For Archbishop Chaput, Holy Family Provides Lesson on Immigration

‘We need to treat the undocumented among us with the mercy and justice we expect for ourselves,’ he said in a homily on the feast of Our Lady of Guadalupe, the patroness of the Americas.

Archbishop Charles Chaput of Philadelphia
Archbishop Charles Chaput of Philadelphia (photo: 2012 CNA/Matthew Rarey)

PHILADELPHIA — Faithful Catholics “need to remember that the Holy Family, too, was once a family of immigrants and refugees,” Archbishop Charles Chaput of Philadelphia said on the feast of Our Lady of Guadalupe.

He stressed: “We need to treat the undocumented among us with the mercy and justice we expect for ourselves.”

Archbishop Chaput’s Dec. 12 statement connected the Holy Family’s flight to Egypt to the stories of many immigrants today.

“Mary — our mother; the mother of the Church — had an intimate understanding of suffering, flight, homelessness and uncertainty,” he said.

The archbishop said that Mary’s honorific titles are “richly deserved” but “can sometimes obscure the human reality of Mary’s life.”

She was “a young woman of the rough Galilean hills, pregnant, with a seemingly implausible story before her marriage to Joseph, who gave birth to her child in the cold in a stable far from home and, then, hunted by Herod, was forced to flee to Egypt.”

“At Guadalupe, Mary appeared not to the rich or powerful or even to the local bishop, but to the poor peasant Juan Diego,” the archbishop continued. “Her tenderness to the poor is something we need to remember this Advent, because our Christian faith is more than a set of ideas or beautiful words. It’s meant to be lived. It’s meant to transform our thinking and our actions.”

While acknowledging that “the current White House has taken actions that a great many faithful Catholics regard as damaging,” Archbishop Chaput defended President Barack Obama’s decision to defer deportation for many undocumented immigrants and their families, saying it was “the right thing” to do.

On Nov. 20, Obama issued an executive order staying the deportation of certain undocumented immigrant parents for up to three years and allowing them to work legally.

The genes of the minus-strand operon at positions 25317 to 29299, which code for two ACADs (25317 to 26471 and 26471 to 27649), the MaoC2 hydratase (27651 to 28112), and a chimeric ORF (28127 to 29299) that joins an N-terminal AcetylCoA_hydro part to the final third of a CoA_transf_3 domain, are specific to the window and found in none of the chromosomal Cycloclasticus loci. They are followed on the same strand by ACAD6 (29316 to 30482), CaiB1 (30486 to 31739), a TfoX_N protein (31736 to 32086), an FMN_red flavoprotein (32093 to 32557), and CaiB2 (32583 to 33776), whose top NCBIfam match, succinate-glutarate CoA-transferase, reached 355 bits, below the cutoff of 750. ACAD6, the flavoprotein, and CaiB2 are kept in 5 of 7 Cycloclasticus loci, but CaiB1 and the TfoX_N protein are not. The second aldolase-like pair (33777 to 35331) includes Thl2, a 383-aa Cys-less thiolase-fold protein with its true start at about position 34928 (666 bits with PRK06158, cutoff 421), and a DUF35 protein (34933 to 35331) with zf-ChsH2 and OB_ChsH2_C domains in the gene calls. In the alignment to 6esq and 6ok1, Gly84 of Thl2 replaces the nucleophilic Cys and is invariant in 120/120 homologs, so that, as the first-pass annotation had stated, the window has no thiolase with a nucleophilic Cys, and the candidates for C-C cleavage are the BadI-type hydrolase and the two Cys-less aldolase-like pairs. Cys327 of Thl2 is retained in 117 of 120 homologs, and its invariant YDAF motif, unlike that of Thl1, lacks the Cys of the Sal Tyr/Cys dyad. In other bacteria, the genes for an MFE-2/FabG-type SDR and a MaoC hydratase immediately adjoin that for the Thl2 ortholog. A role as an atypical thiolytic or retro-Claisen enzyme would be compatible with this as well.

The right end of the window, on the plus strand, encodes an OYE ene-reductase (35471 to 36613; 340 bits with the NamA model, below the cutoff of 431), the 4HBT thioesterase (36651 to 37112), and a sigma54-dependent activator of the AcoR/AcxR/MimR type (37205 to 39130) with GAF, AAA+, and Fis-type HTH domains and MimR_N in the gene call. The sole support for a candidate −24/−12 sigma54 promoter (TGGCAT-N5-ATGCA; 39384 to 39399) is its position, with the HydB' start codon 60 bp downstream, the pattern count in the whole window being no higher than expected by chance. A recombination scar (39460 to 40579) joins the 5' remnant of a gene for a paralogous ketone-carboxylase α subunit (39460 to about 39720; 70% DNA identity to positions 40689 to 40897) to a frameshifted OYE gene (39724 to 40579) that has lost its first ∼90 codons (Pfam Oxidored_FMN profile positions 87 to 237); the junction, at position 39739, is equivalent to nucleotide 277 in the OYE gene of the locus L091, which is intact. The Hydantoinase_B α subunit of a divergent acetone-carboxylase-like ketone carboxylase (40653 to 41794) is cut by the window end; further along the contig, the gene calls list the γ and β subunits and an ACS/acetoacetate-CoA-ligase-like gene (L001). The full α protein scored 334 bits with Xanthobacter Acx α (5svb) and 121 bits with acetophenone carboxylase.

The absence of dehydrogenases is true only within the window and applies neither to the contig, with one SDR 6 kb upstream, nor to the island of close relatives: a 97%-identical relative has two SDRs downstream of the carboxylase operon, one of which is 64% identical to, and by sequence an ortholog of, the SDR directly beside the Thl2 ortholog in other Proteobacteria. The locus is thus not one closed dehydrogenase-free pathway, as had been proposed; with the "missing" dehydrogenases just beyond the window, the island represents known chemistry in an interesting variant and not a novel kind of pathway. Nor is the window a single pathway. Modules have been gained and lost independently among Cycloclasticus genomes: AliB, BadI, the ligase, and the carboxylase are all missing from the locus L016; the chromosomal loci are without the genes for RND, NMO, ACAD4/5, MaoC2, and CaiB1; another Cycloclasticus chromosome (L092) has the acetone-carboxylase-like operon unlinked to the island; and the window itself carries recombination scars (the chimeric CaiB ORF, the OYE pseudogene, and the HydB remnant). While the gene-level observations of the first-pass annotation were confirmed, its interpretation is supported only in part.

About 4 million people are eligible under the order’s requirements: five years of U.S. residency, having children who are U.S. citizens or legal residents, passing a criminal background check and agreeing to pay taxes.

The order also extended some benefits of temporary residence to more children of undocumented immigrants. The president said he would increase resources for border security and deport undocumented immigrants who had recently crossed the border.

“This action prevents the breakup of families with mixed immigration status,” Archbishop Chaput said of the executive order. “It also protects individuals who were brought to the United States as children and have grown up knowing only American life and nothing of their parents’ native land.”

The archbishop said that the U.S. bishops have advocated a “just and sensible” immigration-policy reform for more than 10 years. He said both major U.S. political parties bear “a generous portion of the blame” for the failure to secure a just immigration policy.

“Whatever the timing and motives of the current executive action might mean, deferring deportations serves the survival and human dignity of the families involved,” he said. “And it may, finally, force the White House and Congress to cooperate fruitfully.”